|The first excerpt represents the element of Air. It speaks of mental influences and the process of thought, and is drawn from Pierrette by Honore de Balzac:
bones did not exist at a later age, especially in women whose lives
"So you think that an unmarried woman ought not to marry after forty?"
"Not unless she waits some years," replied the doctor. "But then, of
course, it is not marriage, it is only an association of interests."
The result of the interview, clearly, seriously, scientifically and
sensibly stated, was that an unmarried woman would make a great
mistake in marrying after forty. When the doctor had departed
Mademoiselle Celeste found Sylvie in a frightful state, green and
yellow, and with the pupils of her eyes dilated.
"Then you really love the colonel?" asked Celeste.
|The second excerpt represents the element of Fire. It speaks of emotional influences and base passions, and is drawn from Glaucus/The Wonders of the Shore by Charles Kingsley:
of sinful man. And as I thought over the whole hapless question of
sanitary reform, proved long since a moral duty to God and man,
possible, easy, even pecuniarily profitable, and yet left undone,
there seemed a sublime irony, most humbling to man, in some of
Nature's processes, and in the silent and unobtrusive perfection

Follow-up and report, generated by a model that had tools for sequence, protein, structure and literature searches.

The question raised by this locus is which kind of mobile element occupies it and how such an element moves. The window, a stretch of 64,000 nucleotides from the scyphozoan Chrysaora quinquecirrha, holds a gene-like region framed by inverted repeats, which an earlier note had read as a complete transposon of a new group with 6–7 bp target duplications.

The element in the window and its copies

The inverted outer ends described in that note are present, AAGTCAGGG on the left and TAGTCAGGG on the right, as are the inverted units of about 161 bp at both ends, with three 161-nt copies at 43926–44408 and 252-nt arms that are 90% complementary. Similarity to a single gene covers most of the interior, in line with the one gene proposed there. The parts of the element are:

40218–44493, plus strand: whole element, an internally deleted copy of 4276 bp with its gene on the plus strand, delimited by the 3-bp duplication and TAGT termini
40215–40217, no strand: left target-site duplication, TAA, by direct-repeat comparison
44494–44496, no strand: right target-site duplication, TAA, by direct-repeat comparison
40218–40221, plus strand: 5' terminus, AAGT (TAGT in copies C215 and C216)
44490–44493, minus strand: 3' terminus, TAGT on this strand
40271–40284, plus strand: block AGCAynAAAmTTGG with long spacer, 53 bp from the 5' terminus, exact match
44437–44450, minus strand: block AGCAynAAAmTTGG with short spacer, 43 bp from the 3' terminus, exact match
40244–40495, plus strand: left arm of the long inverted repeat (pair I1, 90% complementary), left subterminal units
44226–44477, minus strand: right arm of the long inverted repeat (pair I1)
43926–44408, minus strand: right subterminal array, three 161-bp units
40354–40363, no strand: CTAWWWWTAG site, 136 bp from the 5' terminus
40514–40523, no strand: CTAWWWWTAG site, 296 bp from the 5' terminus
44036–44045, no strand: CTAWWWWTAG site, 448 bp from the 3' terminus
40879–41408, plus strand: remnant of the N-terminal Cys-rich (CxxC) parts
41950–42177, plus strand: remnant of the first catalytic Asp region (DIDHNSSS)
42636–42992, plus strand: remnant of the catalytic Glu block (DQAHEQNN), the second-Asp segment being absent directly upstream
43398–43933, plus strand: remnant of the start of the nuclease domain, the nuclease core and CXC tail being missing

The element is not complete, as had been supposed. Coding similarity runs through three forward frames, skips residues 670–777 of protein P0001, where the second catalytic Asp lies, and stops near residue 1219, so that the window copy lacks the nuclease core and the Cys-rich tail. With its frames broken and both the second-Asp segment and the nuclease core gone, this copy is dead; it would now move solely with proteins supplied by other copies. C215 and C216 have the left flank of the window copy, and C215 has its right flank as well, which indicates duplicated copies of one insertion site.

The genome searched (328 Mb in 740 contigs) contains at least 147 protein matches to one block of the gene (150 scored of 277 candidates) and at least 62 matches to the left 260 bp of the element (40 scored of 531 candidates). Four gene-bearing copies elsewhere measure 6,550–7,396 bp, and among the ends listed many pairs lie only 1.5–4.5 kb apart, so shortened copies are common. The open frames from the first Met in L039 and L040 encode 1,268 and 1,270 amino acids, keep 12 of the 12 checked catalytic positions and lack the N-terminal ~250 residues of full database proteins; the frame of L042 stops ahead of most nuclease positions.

with which she has been taught to anticipate, since the foundation
of the world, some of the loftiest discoveries of modern science,
of which we are too apt to boast as if we had created the method by
discovering its possibility. Created it? Alas for the pride of
human genius, and the autotheism which would make man the measure
of all things, and the centre of the universe! All the invaluable
|The third excerpt represents the element of Water. It speaks of pure spiritual influences and feelings of love, and is drawn from The Garden Party by Katherine Mansfield:
such beautiful, firm cardboard. But, no, it wouldn't be appropriate for
this occasion. It had lettering on it: "Medium Women's 28. Extra Firm
Busks." It would be almost too much of a surprise for Benny to open that
and find father's watch inside.
"And of course it isn't as though it would be going--ticking, I mean," said
Constantia, who was still thinking of the native love of jewellery. "At
least," she added, "it would be very strange if after all that time it
Josephine made no reply. She had flown off on one of her tangents. She
had suddenly thought of Cyril. Wasn't it more usual for the only grandson
|The fourth excerpt represents the element of Earth. It speaks of physical influences and the impact of the unseen on the visible world, and is drawn from The Marvelous Land of Oz by L. Frank Baum:
pavement of the wide street toward the royal palace.
"At this rate we will soon have your Majesty upon the throne again," said
the Tin Woodman, laughing at his easy conquest of the guards.
"Thank you, friend Nick," returned the Scarecrow, gratefully. "Nothing can
resist your kind heart and your sharp axe."
As they passed the rows of houses they saw through the open doors that men
were sweeping and dusting and washing dishes, while the women sat around in
groups, gossiping and laughing.
"What has happened?" the Scarecrow asked a sad-looking man with a bushy
beard, who wore an apron and was wheeling a baby-carriage along the
The Marvelous Land of Oz